In recent decades, ethical issues raised by anticipated advances in biological research and technology have been addressed prior to demonstration of their effective applications to humans. At times, expectations of their success have been disappointing. In the 1980s, for example, some bioethicists (myself among them) thought that neurological disorders such as Parkinson's might be treated effectively through transfer of fetal brain tissue; this has yet to occur. At other times, researchers have achieved results previously considered impossible, such as the cloning of nonhuman animals. Stephen Wilkinson's new book addresses ethical and policy questions raised not only by the anticipated advances that may or may not materialize, but also by already-available developments in reproductive technology.
The range of options that reproductive technologies currently present has expanded considerably since the first report of successful in vitro fertilization (IVF) in 1978 in the United Kingdom. Today, IVF is widely accepted as a means by which infertile couples can have biologically-related children. When its use is extended beyond that limited context, however, ethical, social and policy questions arise. For example, the use of IVF to allow single individuals and gay couples to have children is challenged in some quarters. More controversial has been its use to permit third parties to contribute their gametes or to provide gestation so that others may have children. And yet more controversial is the use of IVF, in conjunction with other biotechnologies, to select among candidates for birth through prenatal or preimplantation testing to avoid disabilities or promote advantages in offspring. Choosing Tomorrow's Children targets the issues raised by this last set of uses.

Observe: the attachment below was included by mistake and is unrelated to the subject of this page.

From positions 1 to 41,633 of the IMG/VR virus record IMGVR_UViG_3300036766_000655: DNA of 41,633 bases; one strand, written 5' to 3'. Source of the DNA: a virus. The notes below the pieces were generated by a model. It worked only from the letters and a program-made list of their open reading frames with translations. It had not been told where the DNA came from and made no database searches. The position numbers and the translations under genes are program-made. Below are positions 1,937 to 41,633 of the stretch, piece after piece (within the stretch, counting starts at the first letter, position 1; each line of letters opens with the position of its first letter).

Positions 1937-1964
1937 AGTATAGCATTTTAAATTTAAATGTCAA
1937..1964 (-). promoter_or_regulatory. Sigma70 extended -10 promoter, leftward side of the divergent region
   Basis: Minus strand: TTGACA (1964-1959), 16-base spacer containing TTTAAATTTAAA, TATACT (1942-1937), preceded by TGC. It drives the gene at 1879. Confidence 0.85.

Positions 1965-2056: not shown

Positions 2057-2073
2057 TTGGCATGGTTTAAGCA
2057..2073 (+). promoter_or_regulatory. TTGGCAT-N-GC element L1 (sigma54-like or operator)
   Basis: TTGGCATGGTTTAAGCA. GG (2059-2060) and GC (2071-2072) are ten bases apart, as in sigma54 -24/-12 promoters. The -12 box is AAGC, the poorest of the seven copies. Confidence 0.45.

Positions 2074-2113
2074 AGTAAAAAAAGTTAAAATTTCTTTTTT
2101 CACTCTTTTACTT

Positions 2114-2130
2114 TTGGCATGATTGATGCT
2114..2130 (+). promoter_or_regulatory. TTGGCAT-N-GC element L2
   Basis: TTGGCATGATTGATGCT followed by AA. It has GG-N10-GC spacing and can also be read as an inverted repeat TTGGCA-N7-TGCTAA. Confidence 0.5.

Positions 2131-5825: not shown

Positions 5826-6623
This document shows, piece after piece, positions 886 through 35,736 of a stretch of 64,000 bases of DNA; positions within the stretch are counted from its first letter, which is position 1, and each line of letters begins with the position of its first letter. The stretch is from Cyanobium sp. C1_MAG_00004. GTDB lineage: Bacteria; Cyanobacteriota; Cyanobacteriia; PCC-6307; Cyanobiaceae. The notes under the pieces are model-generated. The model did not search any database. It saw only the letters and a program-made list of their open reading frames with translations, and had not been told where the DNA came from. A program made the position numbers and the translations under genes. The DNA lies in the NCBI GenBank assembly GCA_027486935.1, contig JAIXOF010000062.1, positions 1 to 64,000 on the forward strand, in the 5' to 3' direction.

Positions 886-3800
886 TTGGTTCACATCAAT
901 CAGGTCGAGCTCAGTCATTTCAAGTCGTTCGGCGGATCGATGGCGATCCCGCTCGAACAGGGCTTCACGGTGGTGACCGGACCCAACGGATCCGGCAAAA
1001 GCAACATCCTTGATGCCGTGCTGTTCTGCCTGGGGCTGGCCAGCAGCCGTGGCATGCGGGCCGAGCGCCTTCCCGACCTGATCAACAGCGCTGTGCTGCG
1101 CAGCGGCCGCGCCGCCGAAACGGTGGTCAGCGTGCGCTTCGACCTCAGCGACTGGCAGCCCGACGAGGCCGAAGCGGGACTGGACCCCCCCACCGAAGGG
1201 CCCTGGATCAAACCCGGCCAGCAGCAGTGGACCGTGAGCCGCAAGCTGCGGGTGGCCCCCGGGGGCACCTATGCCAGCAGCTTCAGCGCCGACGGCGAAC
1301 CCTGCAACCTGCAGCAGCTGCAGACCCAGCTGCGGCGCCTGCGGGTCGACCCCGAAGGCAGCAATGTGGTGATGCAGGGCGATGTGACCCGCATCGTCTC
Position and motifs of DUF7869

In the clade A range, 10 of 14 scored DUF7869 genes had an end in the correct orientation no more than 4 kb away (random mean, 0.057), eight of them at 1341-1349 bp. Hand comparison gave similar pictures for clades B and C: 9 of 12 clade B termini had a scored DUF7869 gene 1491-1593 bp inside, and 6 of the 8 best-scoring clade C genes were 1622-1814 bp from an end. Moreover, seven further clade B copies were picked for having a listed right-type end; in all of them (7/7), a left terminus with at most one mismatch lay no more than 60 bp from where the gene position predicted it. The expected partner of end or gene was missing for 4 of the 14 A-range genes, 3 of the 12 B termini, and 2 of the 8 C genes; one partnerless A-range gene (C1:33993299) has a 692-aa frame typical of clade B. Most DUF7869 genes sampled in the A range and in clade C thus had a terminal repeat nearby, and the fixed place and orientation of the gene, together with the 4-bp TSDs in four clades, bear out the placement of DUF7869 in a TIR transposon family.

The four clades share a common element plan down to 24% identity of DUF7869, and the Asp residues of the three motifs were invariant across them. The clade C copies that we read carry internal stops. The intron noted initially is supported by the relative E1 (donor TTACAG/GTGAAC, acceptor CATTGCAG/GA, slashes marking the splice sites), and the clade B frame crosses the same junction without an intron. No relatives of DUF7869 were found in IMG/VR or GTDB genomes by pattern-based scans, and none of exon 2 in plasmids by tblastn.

Wilkinson is Professor of Bioethics and Director of the Centre for Professional Ethics at Keele University in Staffordshire, UK. Although the longest chapters in his book (on eugenics and sex selection) apparently draw on previous work, he here expands on his earlier arguments, critiques the positions and arguments of others, and lays out a coherent framework for analysis of multiple issues that coalesce around the topic of selective reproduction. Many of the cases used illustratively are taken from the public domain; others typify the hypothetical cases that analytic ethicists tend to employ in their arguments. Practitioners and patients have already been addressing some of the scenarios he envisions; others may never come to pass. The policies Wilkinson critiques are mainly those of the Human Fertilisation and Embryology Authority (HFEA), which was established in the UK in 1990. To readers from elsewhere, this may be disappointing. (Recently, the UK government decided to disband the HFEA, but the effectiveness and influence of its regulations are likely to continue through the distribution of its powers to other bodies.)
Wilkinson defines selective reproduction as "the attempt to create one possible future child rather than a different possible future child." (2) His analysis of the issues raised by such attempts involves a distinction between choices about "different possible children" and choices about "how many children to have." (3) His focus is on the former, in part because these issues are more controversial than the latter set of issues. As his title suggests, however, the ability to choose both number and kind of children is, for Wilkinson, an assumed value. Thus, in his introductory chapter, he acknowledges the "political liberalism" that underlies his "presumption of permissibility" on issues involving selective reproduction.
In the tradition of his philosophical training, Wilkinson's methodology is strictly analytic, i.e., an attempt to "analyse and critically assess arguments and to explicate concepts" without appeal to ethical theory or examination of the premises employed in the arguments. (15) Where he summons empirical data to support his premises, he forthrightly acknowledges that he himself is not equipped, nor does he attempt, to assess the strength of the data. Obviously, this leaves the reliability of his validly drawn conclusions subject to assessment by those who have the empirical expertise that he lacks.